Madison terminates development rights for Garver Feed Mill ‘micro-lodges’
As a developer proceeds to re-purpose the crumbing landmark Garver Feed Mill building on Madison’s East Side, another part of the project to bring dozens of “micro-lodging” units to the surrounding area has hit a major roadblock.
Baum Revision of Chicago’s $19.8 million project has had two main pieces: a $14.4 million building renovation to transform the former feed mill, 109 S. Fair Oaks Ave., into an artisan food-production facility, and the construction of up to 50 short-term rental micro-homes of 200 to 600 square feet each on five adjacent acres to the northeast. The city owns another 12.6 acres of parkland further northeast.
In recent weeks, Baum has been unable to provide city-required documents that show it can obtain financing for the micro-homes, and the city sent Baum a letter dated July 2 terminating its development rights to the adjacent five acres, known as Lot 2.
Under a development agreement between the city and Baum, Baum was supposed to meet various conditions, including proof of financing for Lot 2, by June 30, city planning, community and economic development director Natalie Erdman said.
Baum project manager Bryant Moroder said the company has the necessary financing and the company is “working with the city to provide them with additional information they have requested.”
“Like the on-going rehabilitation of the historic Garver building, we’re committed to the project and building something special that will benefit the community,” Moroder said in an email.
The two sides are continuing discussions, but it would now take City Council action to amend the development agreement or approve an alternative agreement for Baum to proceed with the micro-homes, Erdman said.
“We are still talking about options,” she said. “We have nothing to propose to the council at this time.”
Ald. David Ahrens, 15th District, said on his city webpage that “the question now is, what should we do with the many acres on the site that have been largely cleared of brush and hills of mulch? No doubt, this developer and perhaps others will try to cut a different deal. But there has been popular support for use of part of the site for a dog park and restoration of the remainder of the area to its earlier prairie state.”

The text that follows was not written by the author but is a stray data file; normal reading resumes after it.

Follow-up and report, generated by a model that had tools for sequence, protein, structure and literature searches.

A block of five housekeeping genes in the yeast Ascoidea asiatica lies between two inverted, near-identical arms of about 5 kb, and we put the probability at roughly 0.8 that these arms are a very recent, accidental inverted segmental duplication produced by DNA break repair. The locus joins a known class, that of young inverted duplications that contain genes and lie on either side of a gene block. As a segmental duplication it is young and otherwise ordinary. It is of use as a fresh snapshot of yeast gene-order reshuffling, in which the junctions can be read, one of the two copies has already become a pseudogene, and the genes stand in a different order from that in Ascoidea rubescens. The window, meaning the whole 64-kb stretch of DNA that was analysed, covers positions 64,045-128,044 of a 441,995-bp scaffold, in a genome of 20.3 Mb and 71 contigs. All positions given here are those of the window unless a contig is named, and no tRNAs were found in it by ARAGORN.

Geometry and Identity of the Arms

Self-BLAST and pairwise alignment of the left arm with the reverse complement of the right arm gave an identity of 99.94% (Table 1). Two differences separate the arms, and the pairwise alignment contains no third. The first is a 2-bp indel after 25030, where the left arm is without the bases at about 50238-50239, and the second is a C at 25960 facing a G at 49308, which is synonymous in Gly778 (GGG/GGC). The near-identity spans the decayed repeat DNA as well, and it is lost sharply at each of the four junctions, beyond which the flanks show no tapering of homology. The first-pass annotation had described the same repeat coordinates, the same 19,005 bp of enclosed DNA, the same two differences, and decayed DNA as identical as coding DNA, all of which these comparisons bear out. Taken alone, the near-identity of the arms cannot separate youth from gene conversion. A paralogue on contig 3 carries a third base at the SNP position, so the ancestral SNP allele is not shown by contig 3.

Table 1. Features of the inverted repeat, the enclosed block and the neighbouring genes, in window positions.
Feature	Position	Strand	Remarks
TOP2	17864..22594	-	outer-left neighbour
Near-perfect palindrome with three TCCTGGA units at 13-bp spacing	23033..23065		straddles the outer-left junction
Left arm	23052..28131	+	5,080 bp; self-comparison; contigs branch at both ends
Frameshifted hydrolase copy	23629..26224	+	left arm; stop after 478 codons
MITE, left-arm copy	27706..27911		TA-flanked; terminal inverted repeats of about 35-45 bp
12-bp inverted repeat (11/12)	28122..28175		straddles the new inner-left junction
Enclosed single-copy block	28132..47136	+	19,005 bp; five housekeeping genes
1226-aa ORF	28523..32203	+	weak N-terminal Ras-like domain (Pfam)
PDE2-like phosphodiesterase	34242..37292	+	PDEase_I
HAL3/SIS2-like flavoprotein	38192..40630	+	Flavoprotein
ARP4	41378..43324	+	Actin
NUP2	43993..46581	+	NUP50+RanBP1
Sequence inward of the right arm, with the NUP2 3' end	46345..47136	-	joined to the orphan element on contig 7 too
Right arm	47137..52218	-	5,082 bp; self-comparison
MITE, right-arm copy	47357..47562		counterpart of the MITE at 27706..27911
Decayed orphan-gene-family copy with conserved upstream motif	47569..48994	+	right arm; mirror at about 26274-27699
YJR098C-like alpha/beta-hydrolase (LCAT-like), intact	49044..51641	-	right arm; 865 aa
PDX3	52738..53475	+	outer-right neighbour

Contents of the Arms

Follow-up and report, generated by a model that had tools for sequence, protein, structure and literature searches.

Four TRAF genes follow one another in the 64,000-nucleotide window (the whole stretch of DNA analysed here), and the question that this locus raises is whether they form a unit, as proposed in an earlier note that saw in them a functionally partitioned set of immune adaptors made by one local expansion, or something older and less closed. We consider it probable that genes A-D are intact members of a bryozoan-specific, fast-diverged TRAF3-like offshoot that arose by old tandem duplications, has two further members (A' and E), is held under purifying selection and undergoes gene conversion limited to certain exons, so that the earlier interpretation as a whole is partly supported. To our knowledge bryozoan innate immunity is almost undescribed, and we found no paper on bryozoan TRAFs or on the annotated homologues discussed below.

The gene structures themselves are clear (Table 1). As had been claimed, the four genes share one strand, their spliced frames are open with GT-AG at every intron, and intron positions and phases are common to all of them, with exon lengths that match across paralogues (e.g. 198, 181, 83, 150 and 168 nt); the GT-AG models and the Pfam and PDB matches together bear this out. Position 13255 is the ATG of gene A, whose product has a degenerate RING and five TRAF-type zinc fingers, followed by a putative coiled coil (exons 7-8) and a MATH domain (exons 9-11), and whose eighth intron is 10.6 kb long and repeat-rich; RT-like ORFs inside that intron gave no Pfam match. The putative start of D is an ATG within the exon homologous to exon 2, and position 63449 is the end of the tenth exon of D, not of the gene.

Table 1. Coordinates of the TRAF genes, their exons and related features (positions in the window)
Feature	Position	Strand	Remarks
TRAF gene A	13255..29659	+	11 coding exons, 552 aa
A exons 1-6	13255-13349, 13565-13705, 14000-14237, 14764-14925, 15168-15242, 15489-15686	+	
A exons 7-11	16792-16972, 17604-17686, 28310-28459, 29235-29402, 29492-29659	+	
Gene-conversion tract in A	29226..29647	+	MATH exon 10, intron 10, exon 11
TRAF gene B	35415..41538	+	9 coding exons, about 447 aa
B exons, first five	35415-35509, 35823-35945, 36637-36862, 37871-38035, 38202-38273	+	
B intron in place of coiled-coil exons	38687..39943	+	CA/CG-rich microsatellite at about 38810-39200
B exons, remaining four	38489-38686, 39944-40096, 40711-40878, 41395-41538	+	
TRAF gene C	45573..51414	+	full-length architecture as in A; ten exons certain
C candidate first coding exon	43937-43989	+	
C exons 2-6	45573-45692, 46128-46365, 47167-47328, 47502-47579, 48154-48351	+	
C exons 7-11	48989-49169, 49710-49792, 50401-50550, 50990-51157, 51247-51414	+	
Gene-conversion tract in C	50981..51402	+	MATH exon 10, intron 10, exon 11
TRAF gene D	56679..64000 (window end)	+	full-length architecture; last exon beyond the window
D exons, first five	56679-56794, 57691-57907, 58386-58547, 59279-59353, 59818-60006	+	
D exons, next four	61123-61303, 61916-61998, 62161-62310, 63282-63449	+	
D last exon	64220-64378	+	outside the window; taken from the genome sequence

“We are getting a second chance,” he said in an interview.
“Now, we have a chance to do something that is more sensible.”
In April 2015, the city selected Baum over three other companies to reuse Garver. Each offered unique uses and costs ranging from $19.8 million to $39.8 million.
Late last year, the council approved an agreement with Baum to provide $1.82 million in city funding for the project plus $1.6 million for soil remediation on the site, which is contaminated with some petroleum and polycyclic hydrocarbons, or PAHs. Several areas of the property need to have soil capped or removed, and clean topsoil must be brought in.
The remediation will be done if soils are moved on the site, Erdman said.
In December, after nearly three years of delay and negotiation, Baum began work on restoring the main building, with completion slated for 2019 and the renovated structure occupied by “second stage” food producers who have established themselves locally but are looking for room to grow — both spatially and economically.
The building, which features tall ceilings and dock doors, will also have space for events, meetings and retail uses.
The micro-homes are intended to showcase sustainable design and operations, giving guests a chance to experience “tiny living,” according to Baum’s website.
But the city never received adequate documentation of financing, the city’s termination letter says.
A June 29 letter from Baum showed $4.9 million of equity to be funded but “without any evidence of the source of such equity,” the city letter says.
The two-story, Industrial Romanesque feed mill was built in 1905 and named a city landmark in 1994.